Stock of the Week
NYSE Symbol: CMI
Industry: Engines and generators
Price as of 2/11: $111.70
Slow and steady wins the race. That's a good analogy for the markets this year that seem to go up virtually every day. I personally think it would be a little healthier to have a couple down days here and there, but the markets rarely do what you want. Pretty much every sector is working this year. Everyone is bullish on the markets yet everyone also wants a pullback. Goldman Sachs put out a research report this week recommending Industrial stocks including our featured stock of the week, Cummins. The maker of diesel and gas engines along with engine components and electric power systems has witnessed a revival in business. The rebirth of the US auto industry along with expansion overseas has boosted profits dramatically resulting in a stock price that has more than doubled in the last year. But even with the run up, Goldman Sachs believes there is more room to the upside with a price target of $135 a share. Cummins is not a cheap stock, but a compelling investment with great growth prospects going forward.
Back on February 1st, Cummins earned $362 million, or $1.84 per share, easily beating estimates of $1.71 a share, up from $270 million, or $1.36 per share, during the same period a year earlier. Revenue rose 21.7% to $4.14 billion. Full-year net income more than doubled to $1.04 billion, or $5.28 per share, from $428 million, or $2.16 per share in 2009. Looking forward, Cummins is forecasting sales to grow of 25% in its Engine and Components segments for 2011, led by a recovery in the North American truck markets. The co expects sales to increase by 15% in both its Power Generation and Distribution segments, driven by improving markets in North America and continued strength in key international markets. The company is experiencing strong growth in China, India, and Brazil. Demand in China was especially strong in second tier cities. Cummins feels optimistic about both long and short-term opportunities in China using India as an engine manufacturing base to export to Asia and the Middle East. In 2011, Cummins has aggressive plans to continue expand while also taking advantage of profitable trends, such as continued growth in infrastructure demand.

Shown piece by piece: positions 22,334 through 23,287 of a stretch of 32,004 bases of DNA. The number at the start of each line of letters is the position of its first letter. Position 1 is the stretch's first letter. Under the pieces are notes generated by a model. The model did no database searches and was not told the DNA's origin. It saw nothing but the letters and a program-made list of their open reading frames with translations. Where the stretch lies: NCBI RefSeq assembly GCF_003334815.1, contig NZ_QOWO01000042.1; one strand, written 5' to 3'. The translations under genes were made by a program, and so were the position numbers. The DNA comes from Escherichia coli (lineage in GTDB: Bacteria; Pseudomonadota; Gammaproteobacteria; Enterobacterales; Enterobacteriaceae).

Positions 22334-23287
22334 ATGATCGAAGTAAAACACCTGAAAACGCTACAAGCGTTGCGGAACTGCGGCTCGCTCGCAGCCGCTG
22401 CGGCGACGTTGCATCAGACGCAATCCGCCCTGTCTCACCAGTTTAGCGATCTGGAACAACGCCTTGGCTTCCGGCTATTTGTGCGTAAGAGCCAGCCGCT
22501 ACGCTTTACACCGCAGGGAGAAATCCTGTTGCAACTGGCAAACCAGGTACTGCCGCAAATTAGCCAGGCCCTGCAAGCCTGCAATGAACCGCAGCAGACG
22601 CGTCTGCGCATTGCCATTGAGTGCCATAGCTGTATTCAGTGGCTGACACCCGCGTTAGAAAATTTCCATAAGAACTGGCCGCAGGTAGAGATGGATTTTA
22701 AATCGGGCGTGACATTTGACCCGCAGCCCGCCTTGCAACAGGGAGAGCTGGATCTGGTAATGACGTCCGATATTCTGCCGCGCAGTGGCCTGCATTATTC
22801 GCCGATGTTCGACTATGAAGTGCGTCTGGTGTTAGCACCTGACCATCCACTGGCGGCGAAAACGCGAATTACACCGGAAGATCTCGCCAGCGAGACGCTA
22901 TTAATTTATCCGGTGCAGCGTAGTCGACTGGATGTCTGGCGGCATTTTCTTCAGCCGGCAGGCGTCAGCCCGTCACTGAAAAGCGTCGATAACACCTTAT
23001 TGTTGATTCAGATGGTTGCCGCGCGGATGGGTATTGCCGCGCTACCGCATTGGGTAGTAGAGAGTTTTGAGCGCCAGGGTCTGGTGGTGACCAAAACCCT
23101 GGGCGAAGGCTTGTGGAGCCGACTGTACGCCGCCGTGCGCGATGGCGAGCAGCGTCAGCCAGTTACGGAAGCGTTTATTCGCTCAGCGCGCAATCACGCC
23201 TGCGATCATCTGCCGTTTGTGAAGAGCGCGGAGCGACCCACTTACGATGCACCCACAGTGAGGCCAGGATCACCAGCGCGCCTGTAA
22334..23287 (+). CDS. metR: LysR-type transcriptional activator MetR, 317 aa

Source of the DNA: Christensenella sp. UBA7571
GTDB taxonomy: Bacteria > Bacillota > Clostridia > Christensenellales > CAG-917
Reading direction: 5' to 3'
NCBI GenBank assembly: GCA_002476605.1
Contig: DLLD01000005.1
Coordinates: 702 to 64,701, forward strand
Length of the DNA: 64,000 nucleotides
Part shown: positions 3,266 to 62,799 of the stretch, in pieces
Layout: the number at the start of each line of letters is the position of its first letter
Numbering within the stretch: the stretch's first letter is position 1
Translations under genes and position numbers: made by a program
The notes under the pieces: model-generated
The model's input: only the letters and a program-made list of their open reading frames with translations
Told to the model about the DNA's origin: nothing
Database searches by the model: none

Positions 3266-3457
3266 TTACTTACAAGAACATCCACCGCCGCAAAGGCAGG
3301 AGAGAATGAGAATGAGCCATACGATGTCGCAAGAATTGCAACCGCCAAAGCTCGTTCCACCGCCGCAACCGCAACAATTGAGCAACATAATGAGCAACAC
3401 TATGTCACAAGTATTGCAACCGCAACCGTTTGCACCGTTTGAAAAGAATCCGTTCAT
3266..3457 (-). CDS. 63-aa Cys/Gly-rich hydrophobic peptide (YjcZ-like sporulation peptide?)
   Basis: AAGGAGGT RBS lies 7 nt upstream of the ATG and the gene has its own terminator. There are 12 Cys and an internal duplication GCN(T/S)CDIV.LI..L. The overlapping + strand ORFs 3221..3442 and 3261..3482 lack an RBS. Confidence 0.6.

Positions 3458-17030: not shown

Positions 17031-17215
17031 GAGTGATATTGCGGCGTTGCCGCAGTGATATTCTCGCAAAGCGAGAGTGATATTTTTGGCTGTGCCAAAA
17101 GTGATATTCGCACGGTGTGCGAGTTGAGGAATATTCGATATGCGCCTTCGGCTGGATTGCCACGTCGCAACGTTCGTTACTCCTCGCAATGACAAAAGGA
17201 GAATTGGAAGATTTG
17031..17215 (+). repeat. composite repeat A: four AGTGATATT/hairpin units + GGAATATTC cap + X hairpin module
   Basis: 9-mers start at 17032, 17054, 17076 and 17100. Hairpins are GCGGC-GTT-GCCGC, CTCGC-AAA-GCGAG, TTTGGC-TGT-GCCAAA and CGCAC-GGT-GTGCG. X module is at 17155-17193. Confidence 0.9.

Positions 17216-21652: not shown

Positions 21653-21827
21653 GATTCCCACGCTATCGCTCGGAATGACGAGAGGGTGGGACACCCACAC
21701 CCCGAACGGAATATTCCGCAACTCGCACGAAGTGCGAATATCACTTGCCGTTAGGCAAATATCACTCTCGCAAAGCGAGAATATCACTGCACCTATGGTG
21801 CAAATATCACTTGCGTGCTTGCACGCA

Just this week Cummins added a billion dollars to their stock repurchase program which is one of the reasons Goldman likes the stock. In the fourth quarter alone the share float decreased by 1%, marginally improving earnings per share. Goldman also raised their earnings estimates for Cummins above consensus. Current consensus estimates are for $7.18 a share for 2011 and $8.70 for 2012. Goldman is looking for $7.59 a share and $9.15 a share for 2012. Based on these estimates, Cummins is trading for 14 times 2011 estimates and 12 times next years' estimates. The stock also trades for 1.6 times sales, 4 times book value, and has more cash than debt on their books. The company also provides a modest 1% dividend yield. The future looks bright for Cummins. Investors looking for a growth stock benefitting from the revival of the auto industry and economic expansion overseas should take a look at this stock.